4. Encourage independence
One of the best ways to boost self-esteem in kids is to step back and let them make choices. When they have agency over aspects of their life, they feel powerful and confident. So, rather than succumbing to the power struggle, EMPOWER. For example, start early and allow toddlers to choose their pajamas, nighttime activities, and healthy snacks. And as they get older, continue encouraging independence and decision-making.
5. Praise wisely
There is a fine line between praising too much and not praising enough. For example, if you over-praise, you subconsciously teach your kid they no longer need to push themselves. But from the growth mindset tip, we know confidence comes from failure and effort. So, if your child fails a test and they’re upset, acknowledge it. Instead of telling them how wonderful they did, which will feel shallow, say, “We all have off days, but you gave your best. And I’m proud of you for not giving up“.
6. Allow healthy risks
It can be tempting to want to rescue your child when you know they’re about to fail or make a mistake. But recusing hurts their self-esteem. Doing so prevents children from learning how to take risks and how to take responsibility for their choices. Therefore, stand back and observe while your kids take healthy risks. And when they fail, be there and encourage them to keep going.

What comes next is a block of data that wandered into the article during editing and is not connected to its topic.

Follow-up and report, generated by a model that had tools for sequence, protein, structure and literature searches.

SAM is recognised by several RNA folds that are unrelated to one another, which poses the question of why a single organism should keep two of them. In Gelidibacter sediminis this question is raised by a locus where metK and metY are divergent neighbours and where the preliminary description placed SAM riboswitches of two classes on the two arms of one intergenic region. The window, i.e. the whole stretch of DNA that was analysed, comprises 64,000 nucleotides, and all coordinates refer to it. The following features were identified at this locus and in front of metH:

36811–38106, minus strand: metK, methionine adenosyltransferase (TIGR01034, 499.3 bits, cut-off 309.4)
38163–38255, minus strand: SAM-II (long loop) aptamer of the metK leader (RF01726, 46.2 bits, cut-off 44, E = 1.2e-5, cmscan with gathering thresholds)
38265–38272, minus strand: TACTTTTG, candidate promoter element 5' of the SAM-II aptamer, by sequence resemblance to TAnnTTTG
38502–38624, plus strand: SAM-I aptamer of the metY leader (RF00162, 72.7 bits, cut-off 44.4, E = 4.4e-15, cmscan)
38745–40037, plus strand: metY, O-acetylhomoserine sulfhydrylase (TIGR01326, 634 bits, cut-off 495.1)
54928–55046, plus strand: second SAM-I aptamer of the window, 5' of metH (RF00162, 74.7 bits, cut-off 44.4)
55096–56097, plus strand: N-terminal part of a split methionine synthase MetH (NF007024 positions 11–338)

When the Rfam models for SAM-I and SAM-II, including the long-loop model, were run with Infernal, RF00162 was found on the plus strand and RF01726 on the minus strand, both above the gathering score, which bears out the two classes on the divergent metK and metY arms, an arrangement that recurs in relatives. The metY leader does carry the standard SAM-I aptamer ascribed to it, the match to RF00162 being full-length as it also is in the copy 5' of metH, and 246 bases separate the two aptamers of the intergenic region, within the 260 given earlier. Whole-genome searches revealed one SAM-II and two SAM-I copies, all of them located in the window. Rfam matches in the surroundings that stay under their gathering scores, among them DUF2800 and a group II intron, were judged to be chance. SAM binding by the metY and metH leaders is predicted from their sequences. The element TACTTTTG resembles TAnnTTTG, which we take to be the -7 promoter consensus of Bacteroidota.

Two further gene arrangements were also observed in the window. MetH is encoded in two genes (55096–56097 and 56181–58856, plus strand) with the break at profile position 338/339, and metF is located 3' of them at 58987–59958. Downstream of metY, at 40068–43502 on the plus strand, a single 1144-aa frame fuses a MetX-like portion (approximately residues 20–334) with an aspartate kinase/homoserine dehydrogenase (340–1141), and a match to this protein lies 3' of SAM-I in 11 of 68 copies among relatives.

7. Teach goal setting
Unfortunately, many fail to achieve their goals because they don’t learn efficient goal setting. But this is a habit you can cultivate in your kids. It will give them grit, confidence, and the tools to achieve what they want. One way to do this is to use the goal ladder. First, ask, “What is a big thing you want to achieve?” Then work with them by creating small goals to achieve the primary goal. They will learn goal setting is a series of small steps each day rather than an overnight win.
8. Let them help
When a child has age-appropriate chores and responsibilities, their self-esteem grows two-fold. First, having weekly tasks gives them a sense of purpose and opportunities for accomplishment. And secondly, kids receive agency and control in an otherwise unpredictable life. Yet even if they don’t do something how you expect or want, tell them you’re grateful for their efforts. This praise will aid their confidence and self-esteem.
9. Love wholeheartedly
Lastly, love your children wholeheartedly. Knowing they matter provides belonging, security, and a positive attachment that will allow them to form positive relationships, personally and professionally, later in life. So, tell your children how much you care, prioritize one-on-one time, and listen to them mindfully and compassionately. Every ounce of your love will boost their self-esteem.
Following this collection of tips to boost self-esteem in kids will help you build your children’s confidence now and in the future. But remember to give you and your children grace in the process. You’re both human, which means you will make mistakes. And that’s okay. Just focus on providing unconditional love for yourself and your children, and they will grow up to have a healthy self-esteem.